According to the FDA, there’s no such thing as an aphrodisiac. Jennifer Bass, spokesperson for the Kinsey Institute for research in sex, gender and reproduction, believes that when it comes to everything from food to pharmaceuticals that are used for sexual attraction and arousal, you always have to factor in a large placebo effect. But is it just a placebo effect, or do aphrodisiacs really work?
Mabel Iam, Author of Sex & The Perfect Lover: Tao, Tantra & The Kama Sutra, explains it best: “In all cultures and times, experiencing the utmost pleasure has been a human objective,” she says. “Previously, it was believed that all food arriving from exotic places contained magical erotic properties. That’s why the discovery of America and its various crops became the rage in European courts.” In fact, it’s believed that Madame De Pompadour, courtesan and adviser to Louis XIV ate truffles and vanilla to increase her sexual prowess in order to better engage the king’s lustful appetite.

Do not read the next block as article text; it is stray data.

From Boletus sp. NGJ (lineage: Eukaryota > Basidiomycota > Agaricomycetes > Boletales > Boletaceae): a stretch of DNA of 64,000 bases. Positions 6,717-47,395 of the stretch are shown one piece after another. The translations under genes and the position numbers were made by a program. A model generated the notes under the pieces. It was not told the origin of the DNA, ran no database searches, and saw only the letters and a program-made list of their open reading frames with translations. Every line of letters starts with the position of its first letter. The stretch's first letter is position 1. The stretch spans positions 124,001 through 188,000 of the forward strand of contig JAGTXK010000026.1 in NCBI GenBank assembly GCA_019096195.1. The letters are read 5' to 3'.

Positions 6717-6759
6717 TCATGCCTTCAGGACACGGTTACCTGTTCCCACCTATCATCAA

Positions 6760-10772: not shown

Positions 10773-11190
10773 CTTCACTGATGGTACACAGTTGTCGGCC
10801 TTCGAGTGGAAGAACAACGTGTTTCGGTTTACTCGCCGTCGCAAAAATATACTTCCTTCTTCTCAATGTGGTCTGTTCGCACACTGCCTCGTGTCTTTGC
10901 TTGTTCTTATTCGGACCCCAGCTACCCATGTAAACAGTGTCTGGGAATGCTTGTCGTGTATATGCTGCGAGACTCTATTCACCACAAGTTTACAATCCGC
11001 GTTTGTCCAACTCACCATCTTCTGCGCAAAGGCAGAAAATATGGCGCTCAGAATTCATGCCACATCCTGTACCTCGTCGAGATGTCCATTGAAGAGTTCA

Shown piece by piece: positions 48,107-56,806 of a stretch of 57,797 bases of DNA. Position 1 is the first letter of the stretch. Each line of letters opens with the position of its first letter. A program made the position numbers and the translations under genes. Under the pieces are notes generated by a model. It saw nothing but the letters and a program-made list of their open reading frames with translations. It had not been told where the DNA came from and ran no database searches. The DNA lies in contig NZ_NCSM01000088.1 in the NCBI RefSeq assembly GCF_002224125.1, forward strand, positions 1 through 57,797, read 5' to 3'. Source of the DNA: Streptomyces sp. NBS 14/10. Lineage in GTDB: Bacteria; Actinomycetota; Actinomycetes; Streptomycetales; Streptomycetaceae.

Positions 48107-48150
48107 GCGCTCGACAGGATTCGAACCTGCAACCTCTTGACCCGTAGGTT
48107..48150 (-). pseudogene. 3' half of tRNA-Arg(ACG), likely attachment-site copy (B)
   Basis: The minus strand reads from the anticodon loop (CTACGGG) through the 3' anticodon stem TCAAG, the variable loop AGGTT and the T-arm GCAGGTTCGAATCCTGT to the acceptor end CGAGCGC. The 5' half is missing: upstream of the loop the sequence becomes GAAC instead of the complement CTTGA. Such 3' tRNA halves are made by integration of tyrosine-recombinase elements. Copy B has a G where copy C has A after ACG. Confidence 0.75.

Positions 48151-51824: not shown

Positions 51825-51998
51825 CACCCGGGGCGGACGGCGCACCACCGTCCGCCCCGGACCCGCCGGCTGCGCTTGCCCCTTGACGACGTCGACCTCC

Moreover, 18th Century Italian Author, Adventurer & Lothario Giacomo Girolamo Casanova, ate 60 oysters a day to keep him virile. The sea-dwelling mollusks are high in zinc and iron increasing the production of testosterone, a sex hormone important for both men and women in helping them retain sexual desire. And before them both, Cleopatra the queen and temptress of The Nile, is believed to have bathed in goat’s milk for its hydrating and beautifying properties, as well as concocting an early version of perfume made from rose petals (for the sweet notes) cardamom & cinnamon — herbs that are warming and stimulating.
Aphrodisiacs do exist, but it all depends on their properties. For example, just because someone claims something is an aphrodisiac, the collective psyche of a particular cultural group believes it so, or advertisers spend big bucks to sway consumers, it doesn’t mean they are all The Real McCoy — as is the case with mint. Nutritionist Peggy Kotsopoulus says it’s great for fresh breath, but taking large dosages of mint works in favor of bringing down your sexual libido, not increasing it. Lecithin, on the other hand, a natural herbal remedy that may be bought over the counter, works as a component of both vaginal and seminal fluids, and combined with vitamin B assists in better lubrication and stamina.